Kozlov A. I., Logvin A. I., Sarychev V. A., Shatrakov Y. G., Zavalishin O. I.

Chapter 3. Analysis of the Signal Polarization State of Navigation Systems Based on Energy Characteristics

Abstract
As it was mentioned in Sect. 1.​2.​, one of the ways to describe the polarization state of radio waves is to use the coherence matrix K, which is defined with an Eq. (1.​19), obtained as a result of multiplying the matrix-column.
Kozlov A. I., Logvin A. I., Sarychev V. A., Shatrakov Y. G., Zavalishin O. I.

Chapter 4. Analysis of the Signal Polarization of Navigation Systems in the Plane of Geometrical Parameters

Abstract
In Sect. 1.​2, the concept of the phasor p was introduced by the relation (1.11), as the ratio of complex amplitudes \(E_{y}\) and \(E_{x}\).
Kozlov A. I., Logvin A. I., Sarychev V. A., Shatrakov Y. G., Zavalishin O. I.

Chapter 5. Graphic Representations of the Signal Polarization State in Navigation Systems

Abstract
In Sect. 1.​1, the Poincaré sphere and the Poincaré plane were introduced as a means for representing the polarization state of the wave. From the algebraic point of view, the Poincaré sphere represents the mapping of the group of rotations of Jones vectors in the space of their stereographic projections. The radio wave polarization is represented on this sphere by a certain point P (Fig. 1.​5), the position of which is uniquely determined by the angles \(2\alpha ,2\beta\) or \(2\gamma ,2\delta\), or Cartesian coordinates \(S_{1} ,S_{2} ,S_{3}\) (Stokes parameters).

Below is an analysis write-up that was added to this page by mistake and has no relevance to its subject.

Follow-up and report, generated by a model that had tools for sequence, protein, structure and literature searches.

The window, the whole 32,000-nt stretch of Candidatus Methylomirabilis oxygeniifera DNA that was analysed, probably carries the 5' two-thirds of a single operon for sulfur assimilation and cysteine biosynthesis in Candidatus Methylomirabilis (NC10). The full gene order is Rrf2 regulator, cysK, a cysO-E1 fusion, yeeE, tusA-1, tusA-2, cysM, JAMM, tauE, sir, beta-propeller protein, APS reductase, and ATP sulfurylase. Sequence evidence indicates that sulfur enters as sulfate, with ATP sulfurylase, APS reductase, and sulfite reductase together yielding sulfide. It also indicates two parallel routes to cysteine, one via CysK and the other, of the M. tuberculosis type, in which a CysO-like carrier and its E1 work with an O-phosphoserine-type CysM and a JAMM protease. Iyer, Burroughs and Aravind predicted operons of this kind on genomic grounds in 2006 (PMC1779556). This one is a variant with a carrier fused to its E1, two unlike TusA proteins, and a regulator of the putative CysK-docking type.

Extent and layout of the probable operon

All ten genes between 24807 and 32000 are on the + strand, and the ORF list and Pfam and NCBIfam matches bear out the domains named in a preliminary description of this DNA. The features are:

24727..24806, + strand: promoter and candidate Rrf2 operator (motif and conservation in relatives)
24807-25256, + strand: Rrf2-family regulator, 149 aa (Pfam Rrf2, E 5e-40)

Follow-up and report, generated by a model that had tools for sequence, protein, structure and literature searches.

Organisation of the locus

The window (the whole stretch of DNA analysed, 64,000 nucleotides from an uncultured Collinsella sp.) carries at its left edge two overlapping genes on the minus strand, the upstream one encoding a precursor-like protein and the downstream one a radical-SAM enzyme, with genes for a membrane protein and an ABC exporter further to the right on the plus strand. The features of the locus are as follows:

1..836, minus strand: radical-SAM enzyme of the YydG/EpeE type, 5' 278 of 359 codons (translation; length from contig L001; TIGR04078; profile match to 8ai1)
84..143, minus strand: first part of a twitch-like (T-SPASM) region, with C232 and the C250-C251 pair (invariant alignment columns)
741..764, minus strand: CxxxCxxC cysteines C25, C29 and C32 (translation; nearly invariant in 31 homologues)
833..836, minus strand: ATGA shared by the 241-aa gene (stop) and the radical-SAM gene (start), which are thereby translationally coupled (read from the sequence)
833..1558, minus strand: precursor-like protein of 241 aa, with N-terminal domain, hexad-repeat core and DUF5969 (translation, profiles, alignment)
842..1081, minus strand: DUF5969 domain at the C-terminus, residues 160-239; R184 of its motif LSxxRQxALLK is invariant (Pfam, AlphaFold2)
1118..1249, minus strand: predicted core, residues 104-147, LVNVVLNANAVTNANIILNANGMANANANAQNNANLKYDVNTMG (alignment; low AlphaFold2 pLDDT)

Kozlov A. I., Logvin A. I., Sarychev V. A., Shatrakov Y. G., Zavalishin O. I.

Transformation of the Polarization Structure of the Scattered and Eigen Emission of Navigation Observation Objects

Frontmatter

Chapter 6. Scattering Matrix and Its Basic Properties

Abstract
The structural representations for the field existing outside the scatterer are based on the division of the observed total field \( \vec{E}_{{\Sigma} } \) into the incident \( \vec{E}_{u} \) and scattered \( \vec{E}_{p} \), i.e., \( \vec{E}_{{\Sigma} } = \vec{E}_{u} + \vec{E}_{p} \).